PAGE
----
Trying to put my thoughts & ideas down somewhere and give another outlet to my creativity. It's all connected, so I can't say it's a blog about just this or just that. Dolls. Fashion. Art. A little bit on travel, whatever... let's take it wherever it goes...


Something new on my kitchen wall... and I've been blogged again!

Now, for something different than the last few days! Something really cool actually: I've been asked if I'd submit some photos of my personal styles wearing vintage to Louise's Personal Fashion Blog. We know eachother from the VFG Forum (wherelse?), and she has a "Stylish Ladies" section, to which I'm the first addtion - see it here: Thank you so much for including me!

And... something's changed on my kitchen wall...
I've replaced the page of ads from then 1926 "Le Petit Eco de la Mode" on the right with a this October-November 1939 cover of Harber's Bazaar. I saw this in a book and found a website that sells photo prints of it, so I ordered one. It's just so incredibly chic and modern - that short raincoat, timeless handbag (Gucci? it seems to have a bamboo handle) and the fairly short and slender skirt. The Paris opera in the background, and two sailors, cigarettes in their mouths' corners, looking appreciatively at the model (or rather her legs *g*). I just like it - it's so positive, even though these weren't happy times. Funny enough, the Coke ad in the middle is just ten years later, from 1949, and shows a New Look-like style in the middle - it shows nicely how styles changed completely between those years.


More from my "crusade"

So, more to update on my "crusade"! I just got the next reply, which turned out to be a two-in-one! It came from the shop chain from whose shop we'd picked the magazine up. Again, a very nice message, apologizing for the content and that they had no influence on the content of the magazine, but that they distance themselves from this and don't approve of such things. Also, they had taken consequences, which I guess refers to withdrawing the magazine from their shops. What's even more interesting, she was able to forward to me copy of e-mails that the publisher of the magazines had sent to me in reply to my two messages!
I swear, I never received them, they never landed in any of my spam filters, and I couldn't find that e-mail address in any of my blocked lists! But the only explanation is, that they got stuck somewhere in some filter - be it from the sender's side, or be it from Yahoo on my side, though I was able to check that! So, without further ado, his reply: 
He apologized for the "unfortunate word-play" (well, that's putting it a little mildly in my eyes...), and said that they distance themselves from any such ideas or ideology. They had also already taken consequences (not further explained - did they already have the mag withdrawn everywhere? That would explain why it seems to not be available anymore), and that they were going to publish a statement in their next issue. Well, I'll be very interested to see that, and I hope I can get it!
I'm still wondering how that thing flew by everything, if the publisher has classed this as a no-no too. I mean, this must have been written by someone and certainly been approved by someone else, so at least two people thought this was quite okay? Questions, questions...

Cut 'n slash your t-shirt for a hot day!

This is just the ticket for hot and humid days - a loose-fitting cotton top with a too-cool-to-leave-it-there motif! When I found it though, at the Caritas shop, this was a large-sized T-shirt, ca. early 90s, decorated with rhinestones and sequins that all still looked good.

Loose-fitting is good, but a bit of shape is still needed. It was definitely too big as was, but I didn't want to do anything to the motif either. The solution? I got my scissors out! Basically, I shortened the sleeves and made a band from the cut-off sections. At the back, I cut slits to thread the band through, giving it a slight peplum effect and bringing it into shape at the waist. Thanks to that, nothing else needed to be done.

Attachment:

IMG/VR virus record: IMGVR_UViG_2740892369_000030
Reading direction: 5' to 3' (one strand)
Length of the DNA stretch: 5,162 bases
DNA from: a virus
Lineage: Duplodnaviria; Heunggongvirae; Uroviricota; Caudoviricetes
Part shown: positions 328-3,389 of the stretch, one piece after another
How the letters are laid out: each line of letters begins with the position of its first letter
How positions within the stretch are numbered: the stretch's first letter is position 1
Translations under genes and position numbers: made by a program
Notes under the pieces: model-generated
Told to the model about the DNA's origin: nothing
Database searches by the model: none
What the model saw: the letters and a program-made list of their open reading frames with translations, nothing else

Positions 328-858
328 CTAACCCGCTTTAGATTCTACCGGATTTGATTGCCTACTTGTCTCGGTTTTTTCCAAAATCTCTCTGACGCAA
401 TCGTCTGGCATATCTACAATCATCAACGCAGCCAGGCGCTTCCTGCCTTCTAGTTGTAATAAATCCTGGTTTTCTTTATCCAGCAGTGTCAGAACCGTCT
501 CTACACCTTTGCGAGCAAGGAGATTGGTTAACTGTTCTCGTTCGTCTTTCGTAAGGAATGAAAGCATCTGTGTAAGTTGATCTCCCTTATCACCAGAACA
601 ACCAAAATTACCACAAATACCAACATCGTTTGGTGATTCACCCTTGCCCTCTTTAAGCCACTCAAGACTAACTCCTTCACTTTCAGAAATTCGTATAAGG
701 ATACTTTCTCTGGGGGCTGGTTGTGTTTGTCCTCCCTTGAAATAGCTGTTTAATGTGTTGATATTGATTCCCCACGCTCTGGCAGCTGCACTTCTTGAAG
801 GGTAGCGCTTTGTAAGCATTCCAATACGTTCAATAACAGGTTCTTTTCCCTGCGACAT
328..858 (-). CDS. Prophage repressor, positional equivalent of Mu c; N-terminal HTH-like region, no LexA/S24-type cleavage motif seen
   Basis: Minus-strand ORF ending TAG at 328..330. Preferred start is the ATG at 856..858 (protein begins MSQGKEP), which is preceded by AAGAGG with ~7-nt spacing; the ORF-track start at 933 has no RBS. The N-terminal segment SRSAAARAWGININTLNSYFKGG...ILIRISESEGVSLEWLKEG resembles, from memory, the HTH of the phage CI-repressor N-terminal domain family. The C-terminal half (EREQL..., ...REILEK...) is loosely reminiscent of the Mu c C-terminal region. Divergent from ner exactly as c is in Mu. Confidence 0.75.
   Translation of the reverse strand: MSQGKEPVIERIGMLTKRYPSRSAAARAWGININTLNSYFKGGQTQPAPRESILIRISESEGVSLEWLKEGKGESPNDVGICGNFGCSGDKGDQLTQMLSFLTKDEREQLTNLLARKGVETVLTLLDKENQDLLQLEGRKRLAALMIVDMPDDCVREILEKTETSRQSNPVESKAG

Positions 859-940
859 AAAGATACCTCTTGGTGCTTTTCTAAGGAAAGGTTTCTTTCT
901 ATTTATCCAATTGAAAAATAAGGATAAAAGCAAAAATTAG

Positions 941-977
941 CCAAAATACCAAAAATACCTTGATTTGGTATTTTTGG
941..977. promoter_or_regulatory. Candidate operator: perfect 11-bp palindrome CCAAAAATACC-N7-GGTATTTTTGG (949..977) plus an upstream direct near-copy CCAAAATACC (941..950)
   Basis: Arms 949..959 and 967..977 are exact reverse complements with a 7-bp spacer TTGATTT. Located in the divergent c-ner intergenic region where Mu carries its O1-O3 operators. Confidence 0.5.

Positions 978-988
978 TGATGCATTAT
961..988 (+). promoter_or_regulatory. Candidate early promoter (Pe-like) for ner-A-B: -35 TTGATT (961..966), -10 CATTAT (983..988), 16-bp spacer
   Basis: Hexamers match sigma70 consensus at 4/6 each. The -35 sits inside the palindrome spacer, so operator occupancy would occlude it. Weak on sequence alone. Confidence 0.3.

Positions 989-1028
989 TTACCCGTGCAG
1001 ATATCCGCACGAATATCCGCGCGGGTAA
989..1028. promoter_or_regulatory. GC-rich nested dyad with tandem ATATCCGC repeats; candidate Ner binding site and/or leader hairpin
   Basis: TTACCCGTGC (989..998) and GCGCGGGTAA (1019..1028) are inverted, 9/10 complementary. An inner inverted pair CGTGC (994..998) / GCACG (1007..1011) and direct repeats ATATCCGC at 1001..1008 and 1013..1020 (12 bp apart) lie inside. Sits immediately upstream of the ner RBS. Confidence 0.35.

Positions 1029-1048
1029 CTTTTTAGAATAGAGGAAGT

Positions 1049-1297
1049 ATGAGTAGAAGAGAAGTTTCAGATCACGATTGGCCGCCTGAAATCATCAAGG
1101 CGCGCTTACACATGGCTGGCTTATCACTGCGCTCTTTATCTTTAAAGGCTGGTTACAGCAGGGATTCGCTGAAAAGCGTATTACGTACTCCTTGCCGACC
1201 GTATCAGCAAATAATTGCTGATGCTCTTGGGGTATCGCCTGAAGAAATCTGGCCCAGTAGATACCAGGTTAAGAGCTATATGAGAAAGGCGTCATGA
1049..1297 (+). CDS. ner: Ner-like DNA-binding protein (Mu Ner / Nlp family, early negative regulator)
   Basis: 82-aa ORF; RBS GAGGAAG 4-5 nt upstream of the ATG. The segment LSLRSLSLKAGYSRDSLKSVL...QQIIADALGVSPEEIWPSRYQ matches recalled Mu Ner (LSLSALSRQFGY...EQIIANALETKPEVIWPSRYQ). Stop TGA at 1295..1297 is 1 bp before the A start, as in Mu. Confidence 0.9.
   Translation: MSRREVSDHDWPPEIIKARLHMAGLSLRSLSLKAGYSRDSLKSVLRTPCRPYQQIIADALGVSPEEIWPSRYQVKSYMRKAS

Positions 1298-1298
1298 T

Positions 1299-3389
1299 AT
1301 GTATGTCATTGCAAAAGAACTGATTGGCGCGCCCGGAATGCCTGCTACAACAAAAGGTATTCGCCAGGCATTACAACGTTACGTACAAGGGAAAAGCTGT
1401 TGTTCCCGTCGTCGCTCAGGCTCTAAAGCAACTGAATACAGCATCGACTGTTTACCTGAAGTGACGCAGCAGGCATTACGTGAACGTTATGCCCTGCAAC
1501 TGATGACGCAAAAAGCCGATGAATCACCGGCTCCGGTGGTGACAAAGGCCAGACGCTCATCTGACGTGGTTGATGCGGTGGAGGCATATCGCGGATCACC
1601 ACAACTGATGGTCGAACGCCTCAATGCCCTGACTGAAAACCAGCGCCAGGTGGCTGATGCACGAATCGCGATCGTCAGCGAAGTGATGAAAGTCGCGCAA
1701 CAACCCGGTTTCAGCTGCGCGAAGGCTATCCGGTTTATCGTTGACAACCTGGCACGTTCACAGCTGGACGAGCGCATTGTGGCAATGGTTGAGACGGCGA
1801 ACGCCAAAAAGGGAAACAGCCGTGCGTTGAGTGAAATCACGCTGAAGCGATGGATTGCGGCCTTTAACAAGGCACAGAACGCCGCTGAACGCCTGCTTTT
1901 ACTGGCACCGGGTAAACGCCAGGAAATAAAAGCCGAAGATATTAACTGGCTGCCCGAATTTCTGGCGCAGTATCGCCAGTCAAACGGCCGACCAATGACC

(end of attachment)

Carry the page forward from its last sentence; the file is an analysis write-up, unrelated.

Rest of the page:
Capris: H&M, shoes: Charles & Keith.


Update on my "crusade" - part one!

So, today I got the first serious reply back regarding the article I posted about yesterday here.A chain of higher end fashion stores that operates in several countries, they replied very nicely, saying that of course they couldn't know what's in the free magazines they have at their stores, but of course such an article is indiscutable, and that they are going to remove all issues of this particular magazine from their stores. Well, it's definitely an improvement to what I got yesterday! My letter of complaint is still on the magazine's Facebook page - it really seems they don't give a care on what's being published on their page - or nobody is actually checking it. Well, that says a lot about them too...

On another note, a dress I bought in Vienna two years ago, and that I like very much, has gotten a few comments here, and now I actually know when it is from exactly! This is ever so cool - there really seem to be collectors of this label around. Check it out here:


Unsavoury... fashion magazine extolling the coolness of the "fascist look"

This is not a political blog, however, here's a story that I just want to put out there as it has angered me so much. Besides, it does have something to do with fashion as well, but in a very unsavoury way. And I feel it puts anybody who likes the 1940s look in the wrong place too.

Whilst I was on my holiday in Vienna, my pal and I picked up a free fashion magazine at a cosmetics store. It looks like any mainstream fashion mag you can get at the news stands, minus the stories - so it's just fashion - and lots of ads. How to wear this trend and that etc. The intellectual content is about zero, I'm not kidding myself there. However, I think this doesn't mean whoever publishes it shouldn't show a bit of responsibility and a minimum of political correctness, or at least common sense.

There was an article in it about the comeback of the 1940s look. From my perspective, it was a piece of fluff and they could have shown better examples, and been more precise about style elements etc. But nothing to offend anybody. Only, on the next page, there was a separate text insert titled "Cool im Fascho-Look" (Cool in the fascist-look). That boxed text basically implicated that since World War II "is so long ago", it' ok to find the Nazi-Look fashionable, and that Nazi uniforms look ever so dashing on men - even today. Therefore it mentions a German actor and an actress in Nazi roles as looking so elegant, and also claims that all that is needed for the look can be found through the "well sorted specialist trade". That really only implies one thing to me, and that is unsavoury to say the least.